Arrest made after hate graffiti found written inside Brooklyn synagogue

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Josh Einiger has the latest on the arrest in the vandalism at a Brooklyn synagogue.

Police have made an arrest after disturbing messages of hate were found inside a Brooklyn synagogue Thursday evening, the latest in a string of anti-Semitic incidents across the nation.

James Polite, 26, is charged with four counts of criminal mischief as a hate crime and making graffiti.

Authorities said Friday that Polite was sent to Woodhull Hospital for psychiatric observation.

Polite is also charged with a string of arson fires in Williamsburg, including one at a yeshiva and another at a Jewish banquet hall.

Polite was a former intern and employee of former New York City Council Speaker Christine Quinn.

Quinn tweeted a statement saying she is devastated.


Graffiti inside the Union Temple on Eastern Parkway in Prospect Heights read "Kill all Jews" and "Hitler," along with some other horribly offensive language.

Police say some of it was written in black marker inside a stairwell, and the vandalism forced the cancellation of a political event because people felt threatened.

Christine Quinn, the former Speaker of the NYC Council, said Saturday she knows the suspect and social service agencies throughout the city did everything they could to help him as he grew up in and out of the foster system, mental health system and homelessness.

"The actions he is accused of break my heart and devastate all of us who tried to help him get on solid footing over the years," Quinn said in a statement on Twitter. "And while he has experienced hardship that most people can't ever imagine, his actions are inexcusable."



A "Get out the Vote" event at Union Temple hosted by Broad City actress Ilana Glazer was canceled as a result of the hateful graffiti.

"What was scary was that it was all over the building, and then the cops were kind of searching the building," Glazer said. "It was too freaky. It was too freaky to hold it."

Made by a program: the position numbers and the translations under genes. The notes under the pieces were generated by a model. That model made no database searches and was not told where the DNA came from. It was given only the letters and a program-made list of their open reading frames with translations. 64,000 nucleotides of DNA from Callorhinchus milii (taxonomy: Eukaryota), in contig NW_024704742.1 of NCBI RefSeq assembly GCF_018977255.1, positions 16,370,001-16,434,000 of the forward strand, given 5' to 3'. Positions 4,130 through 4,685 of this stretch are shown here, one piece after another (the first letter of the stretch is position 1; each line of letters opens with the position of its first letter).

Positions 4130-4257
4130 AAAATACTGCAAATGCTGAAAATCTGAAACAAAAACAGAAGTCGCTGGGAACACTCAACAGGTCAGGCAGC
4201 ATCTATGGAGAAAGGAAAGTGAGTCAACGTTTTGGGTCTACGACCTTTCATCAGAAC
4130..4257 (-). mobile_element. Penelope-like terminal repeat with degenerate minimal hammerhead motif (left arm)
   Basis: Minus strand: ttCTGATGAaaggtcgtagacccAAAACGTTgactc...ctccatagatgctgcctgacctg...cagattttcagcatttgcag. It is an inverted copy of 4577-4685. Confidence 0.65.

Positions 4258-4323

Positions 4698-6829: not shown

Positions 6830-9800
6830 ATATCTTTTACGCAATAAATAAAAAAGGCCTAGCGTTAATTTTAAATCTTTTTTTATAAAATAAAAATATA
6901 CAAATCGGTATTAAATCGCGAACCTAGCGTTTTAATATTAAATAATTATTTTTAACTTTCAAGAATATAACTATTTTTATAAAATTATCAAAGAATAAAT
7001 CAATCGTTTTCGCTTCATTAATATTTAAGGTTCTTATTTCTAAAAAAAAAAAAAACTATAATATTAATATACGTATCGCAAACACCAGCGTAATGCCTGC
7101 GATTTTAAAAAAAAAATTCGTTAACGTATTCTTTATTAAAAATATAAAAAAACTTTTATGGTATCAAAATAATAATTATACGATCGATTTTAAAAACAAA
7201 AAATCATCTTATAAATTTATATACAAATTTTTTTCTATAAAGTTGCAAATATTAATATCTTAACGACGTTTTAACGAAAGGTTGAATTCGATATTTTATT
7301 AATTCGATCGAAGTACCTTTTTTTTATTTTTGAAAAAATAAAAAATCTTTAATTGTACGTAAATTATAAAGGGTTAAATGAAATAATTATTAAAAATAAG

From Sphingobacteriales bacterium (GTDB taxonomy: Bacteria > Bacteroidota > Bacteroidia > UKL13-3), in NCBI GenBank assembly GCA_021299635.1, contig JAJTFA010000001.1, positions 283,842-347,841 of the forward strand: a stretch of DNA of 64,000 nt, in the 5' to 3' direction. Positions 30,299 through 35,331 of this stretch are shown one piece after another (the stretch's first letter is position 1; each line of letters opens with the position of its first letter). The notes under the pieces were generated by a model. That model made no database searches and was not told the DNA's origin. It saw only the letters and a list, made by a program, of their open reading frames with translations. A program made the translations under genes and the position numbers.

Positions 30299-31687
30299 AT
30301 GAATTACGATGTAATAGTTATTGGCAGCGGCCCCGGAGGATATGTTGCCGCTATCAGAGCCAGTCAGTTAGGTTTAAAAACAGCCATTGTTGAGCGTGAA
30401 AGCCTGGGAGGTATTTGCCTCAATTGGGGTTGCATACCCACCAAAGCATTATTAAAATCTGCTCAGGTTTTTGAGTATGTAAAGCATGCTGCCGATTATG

Glazer was about to host a political forum with state candidates Andrew Gounardes, Jim Gaughran and journalist Amy Goodman when the difficult but necessary decision was made.

"We have a situation that we will, that's not presenting any immediate danger, but there were hateful, anti-Semitic scrawled all over the space today, very recently within the past couple of hours," Glazer said. "So we don't feel safe."

Mayor Bill de Blasio said the graffiti is the vilest kind of hate and that the NYPD would find the perpetrators and hold them accountable.

"It's deeply disturbing to all New Yorkers and something we don't accept here in this city," he said.

Gov. Andrew Cuomo directed the Hate Crimes Task Force to investigate, releasing the following statement:

"I am disgusted by the discovery of anti-Semitic graffiti at a house of worship in Brooklyn. At a time when the nation is still reeling from the attack at the Tree of Life synagogue in Pittsburgh, New Yorkers stand united with the Jewish community and against hate in all its forms. In New York, we have zero tolerance for discrimination in our laws or in our spirit. I have directed the State's Hate Crimes Task Force to investigate this hideous act and hold those responsible accountable to the full extent of the law. As governor, I am also doing everything in my power to ensure our religious institutions are free from violence and intolerance. This week, we announced the launch of an additional $10 million grant program to help protect New York's non-public schools and cultural centers, including religious-based institutions. The disgusting rhetoric and heinous violence in this nation has reached a fever pitch and is ripping at the fabric of America, and it must stop. In New York, we have forged community through chords of commonality and we will always stand together against hate and discrimination."

The NYPD says half of all hate crimes in the city are against Jewish people, and the number of incidents has increased this year.

"This individual went into the facility, a facility where people go to pray and worship, and scrawled some pretty derogatory hate filled messages," NYPD Chief of Detectives Dermot Shea said.

Earlier this week, Eyewitness News reported on swastikas and the N-word drawn on some brownstones in Garden Place.

Jewish leaders are calling for people of all faiths to join them for Shabbat services as a way to support the victims in Pittsburgh.

It was the worst attack on Jewish people in American history.

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hate crime investigationgraffitivandalismsynagoguejewishProspect HeightsBrooklynNew York City
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